read data from a file and write data to a file. The most difficult is the of course validating
of the individual rows. The class LottoCoupon is definitely the program’s most complex class.

For the last is the class Lotto, which is the class with the main() method. In principle, it
is a simple method because it simply must create a LottoCoupon object and call one of the
methods. Yet fills the code much, because the main() method must parse the command line,
and this time there are many possibilities for the arguments. Finally, it is also the main()
method that has to print an error message in case of an error.

The program consists of a total of 5 classes, and the relationship can be illustrated by the
following diagram:

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JAVA 1: BASIC SYNTAX AND SEMANTICS Final example

9.2 PROGRAMMING AND TEST


I will not show the code for each class here, but refers instead to the final solution. You
are encouraged to study the code in detail and focus on how the methods are written and
works, and there are many lines of code to address.

When a program is finished, it must be tested. I would in other books specifically look
at the test, which is not all so easy again, but in this case you must test the software with
different combinations of options and check whether you get the expected result, and it is
important to test all combinations and also combinations that result in an error.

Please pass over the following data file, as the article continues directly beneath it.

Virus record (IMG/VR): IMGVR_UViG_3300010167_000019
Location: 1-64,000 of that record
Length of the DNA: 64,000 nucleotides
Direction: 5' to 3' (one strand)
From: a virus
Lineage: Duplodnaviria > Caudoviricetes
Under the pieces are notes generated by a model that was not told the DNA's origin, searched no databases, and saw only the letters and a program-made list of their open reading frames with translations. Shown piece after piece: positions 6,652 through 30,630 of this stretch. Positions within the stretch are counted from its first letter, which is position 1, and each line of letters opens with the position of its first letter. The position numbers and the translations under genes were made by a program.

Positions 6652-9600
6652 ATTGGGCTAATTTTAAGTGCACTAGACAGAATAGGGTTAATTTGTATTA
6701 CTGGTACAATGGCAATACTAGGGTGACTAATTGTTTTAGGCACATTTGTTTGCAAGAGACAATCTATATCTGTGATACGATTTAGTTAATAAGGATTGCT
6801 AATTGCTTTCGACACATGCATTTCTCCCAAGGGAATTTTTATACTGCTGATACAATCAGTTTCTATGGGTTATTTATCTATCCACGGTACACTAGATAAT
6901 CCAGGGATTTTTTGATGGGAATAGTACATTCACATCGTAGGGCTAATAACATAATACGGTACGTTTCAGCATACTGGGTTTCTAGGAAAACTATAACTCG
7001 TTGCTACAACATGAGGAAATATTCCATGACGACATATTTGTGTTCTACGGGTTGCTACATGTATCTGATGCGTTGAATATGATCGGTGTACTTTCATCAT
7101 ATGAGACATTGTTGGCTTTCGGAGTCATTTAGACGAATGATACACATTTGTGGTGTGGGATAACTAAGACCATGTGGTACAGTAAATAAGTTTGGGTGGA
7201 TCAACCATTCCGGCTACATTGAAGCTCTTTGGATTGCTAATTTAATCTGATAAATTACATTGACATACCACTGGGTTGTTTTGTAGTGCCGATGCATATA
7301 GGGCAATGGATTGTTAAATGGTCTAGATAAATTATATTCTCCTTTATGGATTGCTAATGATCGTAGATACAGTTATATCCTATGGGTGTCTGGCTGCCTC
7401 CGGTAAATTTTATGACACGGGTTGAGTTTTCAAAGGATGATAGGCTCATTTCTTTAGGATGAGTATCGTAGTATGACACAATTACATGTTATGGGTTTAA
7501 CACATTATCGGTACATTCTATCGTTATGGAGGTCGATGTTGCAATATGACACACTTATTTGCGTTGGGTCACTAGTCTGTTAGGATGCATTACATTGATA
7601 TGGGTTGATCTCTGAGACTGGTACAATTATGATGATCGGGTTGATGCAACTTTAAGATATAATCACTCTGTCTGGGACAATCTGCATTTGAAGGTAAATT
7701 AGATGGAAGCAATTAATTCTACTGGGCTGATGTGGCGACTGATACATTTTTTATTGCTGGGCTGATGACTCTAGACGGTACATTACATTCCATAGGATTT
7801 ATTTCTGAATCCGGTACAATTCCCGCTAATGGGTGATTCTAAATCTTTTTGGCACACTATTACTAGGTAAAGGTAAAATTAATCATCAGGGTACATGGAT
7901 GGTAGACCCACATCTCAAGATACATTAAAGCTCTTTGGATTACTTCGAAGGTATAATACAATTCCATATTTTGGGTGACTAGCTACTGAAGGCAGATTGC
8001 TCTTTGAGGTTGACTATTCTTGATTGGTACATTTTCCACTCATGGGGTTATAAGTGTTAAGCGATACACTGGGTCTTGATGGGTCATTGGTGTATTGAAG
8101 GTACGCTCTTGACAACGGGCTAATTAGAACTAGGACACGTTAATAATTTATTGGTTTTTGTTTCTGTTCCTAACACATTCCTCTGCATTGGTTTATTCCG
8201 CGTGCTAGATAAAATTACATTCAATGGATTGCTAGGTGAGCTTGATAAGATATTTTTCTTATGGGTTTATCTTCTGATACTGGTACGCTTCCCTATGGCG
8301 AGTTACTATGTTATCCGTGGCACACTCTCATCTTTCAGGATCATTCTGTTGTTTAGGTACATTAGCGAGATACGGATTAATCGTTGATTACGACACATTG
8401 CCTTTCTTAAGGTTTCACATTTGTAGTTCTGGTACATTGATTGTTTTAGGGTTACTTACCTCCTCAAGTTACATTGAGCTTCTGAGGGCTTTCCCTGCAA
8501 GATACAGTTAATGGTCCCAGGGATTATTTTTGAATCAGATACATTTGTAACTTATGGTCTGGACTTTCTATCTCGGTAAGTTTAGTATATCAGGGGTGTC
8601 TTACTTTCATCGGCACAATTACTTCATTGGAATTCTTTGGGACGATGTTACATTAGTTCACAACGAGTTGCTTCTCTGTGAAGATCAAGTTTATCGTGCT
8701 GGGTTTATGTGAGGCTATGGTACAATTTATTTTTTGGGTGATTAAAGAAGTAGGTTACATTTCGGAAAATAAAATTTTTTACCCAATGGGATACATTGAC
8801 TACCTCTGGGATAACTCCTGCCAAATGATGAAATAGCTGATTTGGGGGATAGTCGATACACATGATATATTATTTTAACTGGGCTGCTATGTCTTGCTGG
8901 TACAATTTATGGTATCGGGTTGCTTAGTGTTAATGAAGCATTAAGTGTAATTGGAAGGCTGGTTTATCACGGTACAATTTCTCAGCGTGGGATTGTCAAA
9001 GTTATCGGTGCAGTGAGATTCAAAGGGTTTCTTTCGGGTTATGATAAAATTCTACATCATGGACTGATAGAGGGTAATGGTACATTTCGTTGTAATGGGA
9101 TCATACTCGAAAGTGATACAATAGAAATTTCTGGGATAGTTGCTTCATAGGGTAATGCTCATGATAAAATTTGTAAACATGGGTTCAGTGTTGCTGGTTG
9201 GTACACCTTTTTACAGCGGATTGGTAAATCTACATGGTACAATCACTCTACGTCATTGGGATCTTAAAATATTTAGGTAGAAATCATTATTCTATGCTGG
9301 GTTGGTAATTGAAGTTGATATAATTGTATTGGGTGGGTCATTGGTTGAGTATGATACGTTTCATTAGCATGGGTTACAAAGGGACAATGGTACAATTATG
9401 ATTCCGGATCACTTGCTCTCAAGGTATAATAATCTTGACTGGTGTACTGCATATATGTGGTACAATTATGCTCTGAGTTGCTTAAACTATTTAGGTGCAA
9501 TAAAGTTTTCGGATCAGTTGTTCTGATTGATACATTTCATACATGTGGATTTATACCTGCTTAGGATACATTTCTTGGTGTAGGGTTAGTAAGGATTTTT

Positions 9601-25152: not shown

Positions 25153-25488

The program Lotto is as mentioned considerably larger than the examples which I otherwise
dealt with in this book, but there is still talk about an example for the program’s own fault,
and it’s not a program that has no practical justification. There is still more about Java you
have to learn to be able to write programs with value in the real world, and especially lacks
what it takes to write a program with a graphical user interface. It is the subject of the
next book in this series. When you study the program Lotto, you must especially think of
the program as an example that consisting of several classes and how those classes jointly
solve the current problem. Moreover, you can consider the example as a prototype of what
is meant by a command, and how to write a command.

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JAVA 1: BASIC SYNTAX AND SEMANTICS Final example

APPENDIX A
The following shows how you can install Java and NetBeans, if it is not already on the
machine. Start by downloading Java jdk (JDK for Java Development Kit). It can be downloaded